Exploration for analysis of medicinal foods used to manage dyslipidaemia in Sri Lankan traditional medicine
Keywords:Traditional medicine, Non-communicable diseases, Medicinal foods, Antidyslipidaemic effects
The medicinal foods used to manage non-communicable diseases in Sri Lankan traditional medicine are slowly but steadily disappearing from the country due to many reasons. This study is the first stage of the research project aimed to explore and analyze the medicinal foods used to manage dyslipidaemia in traditional medical practices of Sri Lanka. A qualitative study covering the whole island was conducted cross-sectionally, supplemented by a document review including ancient textbooks and talipot palm (Corypha umbraculifera) leaf manuscripts. The study included all the registered traditional medical practitioners of the country, more than 55 years of age. Practitioners with poor memory and feeble health and those who were not in current practice were excluded. The first participant was selected purposively and the rest by using the snowball sampling technique. The investigator administered, validated, open-ended, semistructured questionnaire was the tool used, and the interviews were conducted face to face or using either telephone, zoom, or WhatsApp technology. The saturation was achieved by the 25th participant and data were analysed using the framework analysis technique. Nine medicinal foods including three herbal congees, one herbal beverage, one green leaf salad, and four curry preparations with antidyslipidaemic effects were explored. Sri Lankan native medicine possesses many medicinal foods with antidyslipidaemic effects and they should be explored, scientifically studied, and used as evidence-based management for the smooth control of diabetes mellitus.
Ediriweera, D. S., Karunapema, P., Pathmeswaran, A., & Arnold, M. (2018). Increase in premature mortality due to non-communicable diseases in Sri Lanka during the first decade of the twenty-first century. BMC Public Health, 18, 584. https://doi.org/10.1186/s12889-018-5503-9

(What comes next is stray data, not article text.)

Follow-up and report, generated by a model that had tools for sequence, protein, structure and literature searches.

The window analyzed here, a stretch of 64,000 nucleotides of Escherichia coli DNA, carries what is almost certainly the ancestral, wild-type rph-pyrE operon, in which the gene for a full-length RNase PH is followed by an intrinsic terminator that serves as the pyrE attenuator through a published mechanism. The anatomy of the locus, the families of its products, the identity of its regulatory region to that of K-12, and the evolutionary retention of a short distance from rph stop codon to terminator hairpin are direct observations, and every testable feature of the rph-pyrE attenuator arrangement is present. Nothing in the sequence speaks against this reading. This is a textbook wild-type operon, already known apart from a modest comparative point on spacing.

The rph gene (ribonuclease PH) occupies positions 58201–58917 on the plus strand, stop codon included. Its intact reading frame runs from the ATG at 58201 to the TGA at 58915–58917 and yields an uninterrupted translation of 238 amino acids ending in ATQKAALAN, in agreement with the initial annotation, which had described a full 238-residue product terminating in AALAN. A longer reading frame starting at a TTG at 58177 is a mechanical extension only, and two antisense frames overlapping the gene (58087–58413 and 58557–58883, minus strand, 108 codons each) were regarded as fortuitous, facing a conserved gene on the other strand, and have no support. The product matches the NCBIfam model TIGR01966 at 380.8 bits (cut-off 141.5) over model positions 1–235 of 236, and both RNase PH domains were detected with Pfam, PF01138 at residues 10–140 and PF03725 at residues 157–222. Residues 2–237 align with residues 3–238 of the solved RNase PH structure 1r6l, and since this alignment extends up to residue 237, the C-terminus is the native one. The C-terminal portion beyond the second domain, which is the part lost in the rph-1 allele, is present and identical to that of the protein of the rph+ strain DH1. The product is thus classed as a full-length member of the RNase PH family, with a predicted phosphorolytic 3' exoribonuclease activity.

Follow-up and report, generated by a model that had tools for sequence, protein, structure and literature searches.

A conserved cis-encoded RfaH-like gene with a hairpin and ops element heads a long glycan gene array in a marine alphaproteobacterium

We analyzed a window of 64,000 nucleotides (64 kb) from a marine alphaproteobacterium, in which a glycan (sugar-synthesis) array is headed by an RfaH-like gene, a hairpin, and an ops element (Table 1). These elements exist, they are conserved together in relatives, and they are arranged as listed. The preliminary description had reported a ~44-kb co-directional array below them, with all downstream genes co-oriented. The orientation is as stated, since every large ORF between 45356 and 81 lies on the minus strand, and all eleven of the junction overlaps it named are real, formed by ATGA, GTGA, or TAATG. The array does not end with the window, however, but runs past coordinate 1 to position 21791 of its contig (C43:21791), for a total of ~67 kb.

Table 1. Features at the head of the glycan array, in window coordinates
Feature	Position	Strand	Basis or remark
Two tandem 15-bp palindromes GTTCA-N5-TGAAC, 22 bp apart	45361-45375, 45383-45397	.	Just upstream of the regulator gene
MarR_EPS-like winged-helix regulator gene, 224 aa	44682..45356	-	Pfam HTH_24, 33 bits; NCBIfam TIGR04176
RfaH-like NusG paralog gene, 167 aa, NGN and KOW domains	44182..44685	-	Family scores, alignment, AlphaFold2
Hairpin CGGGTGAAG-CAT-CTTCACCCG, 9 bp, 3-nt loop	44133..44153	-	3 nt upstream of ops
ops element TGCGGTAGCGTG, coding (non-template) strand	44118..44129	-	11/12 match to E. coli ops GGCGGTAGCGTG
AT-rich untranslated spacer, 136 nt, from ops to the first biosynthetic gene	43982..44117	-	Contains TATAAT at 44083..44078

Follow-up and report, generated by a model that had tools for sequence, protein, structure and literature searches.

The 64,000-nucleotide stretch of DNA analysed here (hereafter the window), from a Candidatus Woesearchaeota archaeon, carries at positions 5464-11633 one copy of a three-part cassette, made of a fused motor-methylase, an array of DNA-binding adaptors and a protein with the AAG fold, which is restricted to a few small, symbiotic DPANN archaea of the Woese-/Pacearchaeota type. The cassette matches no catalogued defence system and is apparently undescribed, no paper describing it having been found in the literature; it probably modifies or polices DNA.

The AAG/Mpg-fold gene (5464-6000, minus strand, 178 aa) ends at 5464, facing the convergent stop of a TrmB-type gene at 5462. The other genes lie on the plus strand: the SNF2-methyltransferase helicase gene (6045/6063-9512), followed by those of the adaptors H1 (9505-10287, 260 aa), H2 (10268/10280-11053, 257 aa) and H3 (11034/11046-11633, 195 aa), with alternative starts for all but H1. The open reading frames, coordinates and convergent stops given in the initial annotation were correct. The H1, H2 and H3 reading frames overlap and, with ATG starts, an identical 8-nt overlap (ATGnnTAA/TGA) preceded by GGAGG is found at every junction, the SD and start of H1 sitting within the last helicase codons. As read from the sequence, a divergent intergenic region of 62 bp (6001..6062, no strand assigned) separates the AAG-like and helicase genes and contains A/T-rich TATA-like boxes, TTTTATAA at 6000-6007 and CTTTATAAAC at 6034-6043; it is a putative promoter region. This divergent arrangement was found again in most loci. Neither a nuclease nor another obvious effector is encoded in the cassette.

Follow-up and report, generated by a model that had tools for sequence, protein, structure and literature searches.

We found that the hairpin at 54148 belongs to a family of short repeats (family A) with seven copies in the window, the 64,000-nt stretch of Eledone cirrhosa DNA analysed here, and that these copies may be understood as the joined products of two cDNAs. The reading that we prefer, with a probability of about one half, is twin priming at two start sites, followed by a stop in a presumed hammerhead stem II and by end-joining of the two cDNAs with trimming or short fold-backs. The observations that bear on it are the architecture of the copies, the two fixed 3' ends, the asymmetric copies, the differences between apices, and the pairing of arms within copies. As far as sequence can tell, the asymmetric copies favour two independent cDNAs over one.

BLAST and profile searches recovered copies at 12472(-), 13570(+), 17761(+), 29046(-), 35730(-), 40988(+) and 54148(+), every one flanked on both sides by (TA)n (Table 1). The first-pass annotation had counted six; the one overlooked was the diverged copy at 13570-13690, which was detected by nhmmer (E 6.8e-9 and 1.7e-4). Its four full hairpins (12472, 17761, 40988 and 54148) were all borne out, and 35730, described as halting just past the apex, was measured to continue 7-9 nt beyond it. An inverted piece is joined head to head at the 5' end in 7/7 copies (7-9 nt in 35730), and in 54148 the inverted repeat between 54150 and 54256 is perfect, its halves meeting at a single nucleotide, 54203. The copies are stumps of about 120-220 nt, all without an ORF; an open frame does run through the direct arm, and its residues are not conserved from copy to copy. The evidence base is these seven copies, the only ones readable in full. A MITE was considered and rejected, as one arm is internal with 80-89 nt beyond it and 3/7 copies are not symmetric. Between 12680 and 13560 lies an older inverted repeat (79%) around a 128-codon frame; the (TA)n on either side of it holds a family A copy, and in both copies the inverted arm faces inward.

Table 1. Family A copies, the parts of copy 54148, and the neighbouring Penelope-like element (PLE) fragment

Eussen, S. R. B. M., Verhagen, H., Klungel, O. H., Garssen, J., van Loveren, H., van Kranen, H. J., & Rompelberg, C. J. M. (2011). Functional foods and dietary supplements: products at the interface between pharma and nutrition. European Journal of Pharmacology, 668(S1), S2-S9. https://doi.org/10.1016/j.ejphar.2011.07.008
Min, A. D. (2022). Scientific Concepts of Functional Foods in Europe Consensus Document. British Journal of Nutrition, 81, S1-S27. https://doi.org/10.1017/S0007114599000471
Nishteswar, K. (2016). Ayurvedic Concept of Food and Nutrition. Journal of Nutrition & Food Sciences, 6(4), 4-11. https://doi.org/10.4172/2155-9600.1000530
Ramalingum, N., & Mahomoodally, M. F. (2014). The therapeutic potential of medicinal foods. Advances in Pharmacological Sciences, 2014, 354264. https://doi.org/10.1155/2014/354264
Ravishankar, B., & Shukla, V. J. (2007). Indian systems of medicine: a brief profile. African Journal of Traditional, Complementary and Alternative Medicines, 4(3), 319-337. https://doi.org/10.4314/ajtcam.v4i3.31226
Sharma, G. (2017). Pros and cons of different sampling techniques. International Journal of Applied Research, 3(7), 749-752.
Watson, A. H. A. (2022). Qualitative Interviewing during the COVID-19 Pandemic Part 1 : The Literature on Telephone Interviews. Department of Pacific Affairs In Brief series. https://doi.org/10.25911/1PQ9-SG51
Weragoda, P. B. (1980). The traditional system on medicine in Sri Lanka. Journal of Ethnopharmacology, 2(1), 71-73. https://doi.org/10.1016/0378-8741(80)90033-1
How to Cite
Copyright (c) 2023 Damean De silva, Upul Senarath, Pathirage Kamal Perera
This work is licensed under a Creative Commons Attribution 4.0 International License.